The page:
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**1 - 2**of**2**### Alpha Equivalence Equalities

, 2012

"... Programming languages and logics, which are pervasive in Computer Science, have syntax which involves variable binding constructors. As such, reasoning about such languages in general, and formal reasoning in particular (such as within a theorem prover), requires frameworks within which the syntax m ..."

Abstract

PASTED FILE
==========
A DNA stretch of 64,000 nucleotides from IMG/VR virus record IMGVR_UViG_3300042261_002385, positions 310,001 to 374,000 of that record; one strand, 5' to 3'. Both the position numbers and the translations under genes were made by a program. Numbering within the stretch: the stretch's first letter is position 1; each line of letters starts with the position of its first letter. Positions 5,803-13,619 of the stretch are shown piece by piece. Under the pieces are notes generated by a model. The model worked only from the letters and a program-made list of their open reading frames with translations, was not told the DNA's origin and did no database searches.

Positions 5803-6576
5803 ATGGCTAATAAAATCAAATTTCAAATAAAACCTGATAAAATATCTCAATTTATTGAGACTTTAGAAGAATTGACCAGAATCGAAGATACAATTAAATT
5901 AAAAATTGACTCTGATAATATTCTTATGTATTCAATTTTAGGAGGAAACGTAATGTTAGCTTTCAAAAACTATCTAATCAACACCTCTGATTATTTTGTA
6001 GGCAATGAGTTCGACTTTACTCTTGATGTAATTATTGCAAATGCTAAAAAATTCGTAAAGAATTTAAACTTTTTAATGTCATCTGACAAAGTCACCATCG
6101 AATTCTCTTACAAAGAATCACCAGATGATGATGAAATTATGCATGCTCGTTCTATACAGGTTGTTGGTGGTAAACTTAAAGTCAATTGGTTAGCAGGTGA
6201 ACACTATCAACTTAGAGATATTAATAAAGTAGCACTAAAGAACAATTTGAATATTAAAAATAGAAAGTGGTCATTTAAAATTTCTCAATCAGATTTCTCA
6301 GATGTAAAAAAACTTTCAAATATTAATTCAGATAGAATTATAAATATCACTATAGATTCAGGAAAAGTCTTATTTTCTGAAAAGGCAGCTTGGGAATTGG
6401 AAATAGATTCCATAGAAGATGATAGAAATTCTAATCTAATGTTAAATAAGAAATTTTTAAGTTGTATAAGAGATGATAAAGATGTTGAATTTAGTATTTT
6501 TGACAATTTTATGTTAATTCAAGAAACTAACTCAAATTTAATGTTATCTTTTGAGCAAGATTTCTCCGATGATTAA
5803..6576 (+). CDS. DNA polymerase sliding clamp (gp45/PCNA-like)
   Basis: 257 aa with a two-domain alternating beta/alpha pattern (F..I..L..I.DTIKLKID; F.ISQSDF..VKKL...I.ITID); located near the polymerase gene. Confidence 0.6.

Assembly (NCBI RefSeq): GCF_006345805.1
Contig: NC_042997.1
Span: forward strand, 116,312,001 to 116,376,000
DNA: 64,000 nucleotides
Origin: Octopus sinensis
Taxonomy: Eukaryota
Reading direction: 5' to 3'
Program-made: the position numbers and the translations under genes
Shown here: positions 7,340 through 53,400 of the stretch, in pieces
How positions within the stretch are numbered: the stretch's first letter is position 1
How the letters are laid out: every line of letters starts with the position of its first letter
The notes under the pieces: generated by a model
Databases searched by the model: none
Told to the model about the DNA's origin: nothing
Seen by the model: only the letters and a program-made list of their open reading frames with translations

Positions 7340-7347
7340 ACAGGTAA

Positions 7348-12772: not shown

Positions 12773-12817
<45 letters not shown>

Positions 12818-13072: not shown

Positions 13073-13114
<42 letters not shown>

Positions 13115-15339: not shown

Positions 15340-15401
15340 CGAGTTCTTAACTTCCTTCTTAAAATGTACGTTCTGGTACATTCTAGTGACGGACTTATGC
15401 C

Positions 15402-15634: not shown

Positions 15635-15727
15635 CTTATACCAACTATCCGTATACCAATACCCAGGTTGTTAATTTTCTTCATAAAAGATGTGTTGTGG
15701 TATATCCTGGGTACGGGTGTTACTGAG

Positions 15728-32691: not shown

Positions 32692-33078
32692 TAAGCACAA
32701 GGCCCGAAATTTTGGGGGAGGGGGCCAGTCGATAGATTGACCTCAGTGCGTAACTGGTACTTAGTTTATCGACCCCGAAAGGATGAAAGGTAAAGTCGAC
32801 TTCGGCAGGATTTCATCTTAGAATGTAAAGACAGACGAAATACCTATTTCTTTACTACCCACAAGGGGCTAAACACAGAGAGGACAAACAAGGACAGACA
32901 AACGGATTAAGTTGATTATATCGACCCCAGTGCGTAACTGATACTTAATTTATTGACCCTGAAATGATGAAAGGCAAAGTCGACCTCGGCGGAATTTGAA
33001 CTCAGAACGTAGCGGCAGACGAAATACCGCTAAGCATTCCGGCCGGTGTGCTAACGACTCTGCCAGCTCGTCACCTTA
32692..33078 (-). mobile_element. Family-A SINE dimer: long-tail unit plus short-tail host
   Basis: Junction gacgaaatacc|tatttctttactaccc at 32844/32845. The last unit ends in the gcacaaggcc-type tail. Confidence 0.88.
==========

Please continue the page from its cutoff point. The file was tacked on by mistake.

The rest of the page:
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Programming languages and logics, which are pervasive in Computer Science, have syntax which involves variable binding constructors. As such, reasoning about such languages in general, and formal reasoning in particular (such as within a theorem prover), requires frameworks within which the syntax may be properly represented. One key requirement is a correct representation of α-equivalence. The current literature provides a number of different definitions of the notion of α-equivalence. The formal definitions may be nameless as in the approach of de Bruijn, or have explicit names, as in the approaches that use either a renaming/substitution axiom, or instead use a notion of variable swapping. The first contribution of this paper is to draw together five definitions of α-equivalence relations and to prove formally and in detail, but using mathematics, that the relations are all equal. There are two key reasons for doing this: Firstly, the literature has many examples of proofs of results involving α-equivalence which contain technical errors. Such examples concern both the application of α-equivalence, and the meta-theory of α-equivalence itself. Secondly, the literature does not currently contain detailed presentations of such results. The point of giving the detail is partly to avoid falling into common error-traps, but mainly to provide clear mathematical machinery that will be useful to those working in the area. This includes systems of inductive rules and proofs by induction, and clear accounts of the key lemmas that support the main proofs. The second contribution is to provide two definitions of α-equivalence relations over (program) contexts, namely expressions with a single meta-variable (or “hole”). One of the definitions is already in the literature, and the other is new. We prove some basic properties of α-equivalence on contexts, and show that the two definitions give rise to the same relation.